I'm relatively certain I've reread this book every spring term at W&L, because it's so perfect for it: a colorful, poignant read that focuses on a passionate girl and an unsolved Hollywood mystery. The main character, Emi, is thoughtful and balanced, but also endlessly romantic about all the beauty around her. It makes for a compelling read, and it has so much sensory detail that wraps you up and doesn't let go. It's soft, detailed, and sensitive while still feeling larger-than-life.

Which books are your spring go-tos?

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January To-Read List

Hey y'all!It's been a busy January here in Virginia -- one of those months that's almost over before I get the chance to blink. I've been thrown into a lot, but trying to take enough time to myself to rest and recharge while everyone around me seemingly has the flu. Fingers crossed!I didn't go into my semester with books I wanted to read this month, mostly because I knew it would likely be my most frenzied time of year. (Junior year has been my busiest year, and winter term should be my busiest season.) Still, I've had some titles tucked away as a breath of fresh air for me -- a 9 P.M., early-to-bed treat when I want my thoughts to quiet and a story to pull me away.Without further ado, here are the books I have planned for the rest of the month.

Heartless by Marissa Meyer | GoodreadsThe First Word: The Search for the Origins of Language by Christine Kenneally | Goodreads

I'm hoping to review Heartless when I'm done, because I want to share my LOVE for Marissa Meyer. As for the second, it'll result in two presentations and a ten-page paper. You, however, can avoid the academics by perusing some of my other favorite scientific reads!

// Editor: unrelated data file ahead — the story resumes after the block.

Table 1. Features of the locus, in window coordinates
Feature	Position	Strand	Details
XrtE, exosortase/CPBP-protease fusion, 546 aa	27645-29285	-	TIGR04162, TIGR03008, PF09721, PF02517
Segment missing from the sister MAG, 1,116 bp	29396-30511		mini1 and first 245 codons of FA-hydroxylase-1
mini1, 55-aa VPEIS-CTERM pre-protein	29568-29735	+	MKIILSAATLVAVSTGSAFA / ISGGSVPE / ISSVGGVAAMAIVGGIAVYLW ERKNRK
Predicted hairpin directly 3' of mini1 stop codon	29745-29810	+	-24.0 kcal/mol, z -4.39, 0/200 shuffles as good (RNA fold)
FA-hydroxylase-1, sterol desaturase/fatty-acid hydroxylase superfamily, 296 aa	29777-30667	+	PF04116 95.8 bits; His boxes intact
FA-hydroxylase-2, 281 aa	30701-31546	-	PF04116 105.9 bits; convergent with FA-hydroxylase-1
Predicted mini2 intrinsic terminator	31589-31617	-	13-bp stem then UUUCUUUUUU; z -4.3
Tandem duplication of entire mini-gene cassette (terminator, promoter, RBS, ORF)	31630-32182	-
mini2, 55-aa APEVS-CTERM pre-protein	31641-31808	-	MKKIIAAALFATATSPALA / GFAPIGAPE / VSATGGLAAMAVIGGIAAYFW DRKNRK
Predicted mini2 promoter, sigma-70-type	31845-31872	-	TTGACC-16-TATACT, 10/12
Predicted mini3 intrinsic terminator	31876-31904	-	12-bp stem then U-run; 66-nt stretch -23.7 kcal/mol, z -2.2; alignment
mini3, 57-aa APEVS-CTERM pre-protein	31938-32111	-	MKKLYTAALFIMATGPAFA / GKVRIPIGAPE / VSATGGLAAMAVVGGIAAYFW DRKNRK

What have y'all been reading this month?

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WLS Best Books of 2018

Hey y'all!It's Grace here, somewhat settled into my first week of school. Tuesdays will be my longest days, but I'm hoping they go well! I've been working hard on getting this list out because it's one of my favorite posts, and I'm thrilled to finally have some time to myself to give y'all the rundown of my best reads of the year. If you'd like to check out my previous years to find some new reads, here are some of the best.

WLS Best of 2017WLS Best of 2016 WLS Best of 2015WLS Best of 2014WLS Best of 2013WLS Best of 2012WLS Best of 2011

For each of the books below, I'll link their Goodreads pages as well as if there's any place on the blog in which I've talked about them! It was a phenomenal book year for me. Although I only finished 100 books, they were a great selection that also expanded my reading taste a bit.

The Breakdown

You'll Grow Out of It by Jessi Klein | Goodreads | ReviewBlack Hole Blues by Janna Levin | Goodreads | ReviewThe Case for Jamie by Brittany Cavallaro | Goodreads | Review

The Wren Hunt by Mary Watson | Goodreads | ReviewSawkill Girls by Claire LeGrand | Goodreads | ReviewLittle White Lies by Jennifer Lynn Barnes | Goodreads | Review

Traitor to the Throne by Alwyn Hamilton | Goodreads | ReviewSaving Francesca by Melina Marchetta | Goodreads | ReviewDumplin' by Julie Murphy | Goodreads

Dreams of Gods and Monsters by Laini Taylor | GoodreadsThe Other Side of Lost by Jessi Kirby | Goodreads | ReviewFinale by Becca Fitzpatrick | Goodreads | Review

Normally when I'm putting this together, I have a few picks that emerge as the best of the best. I've considered it, and stressed about it, but each of these has been so phenomenal for me that I've had trouble narrowing it down. I would fully support each of these. The top of the top!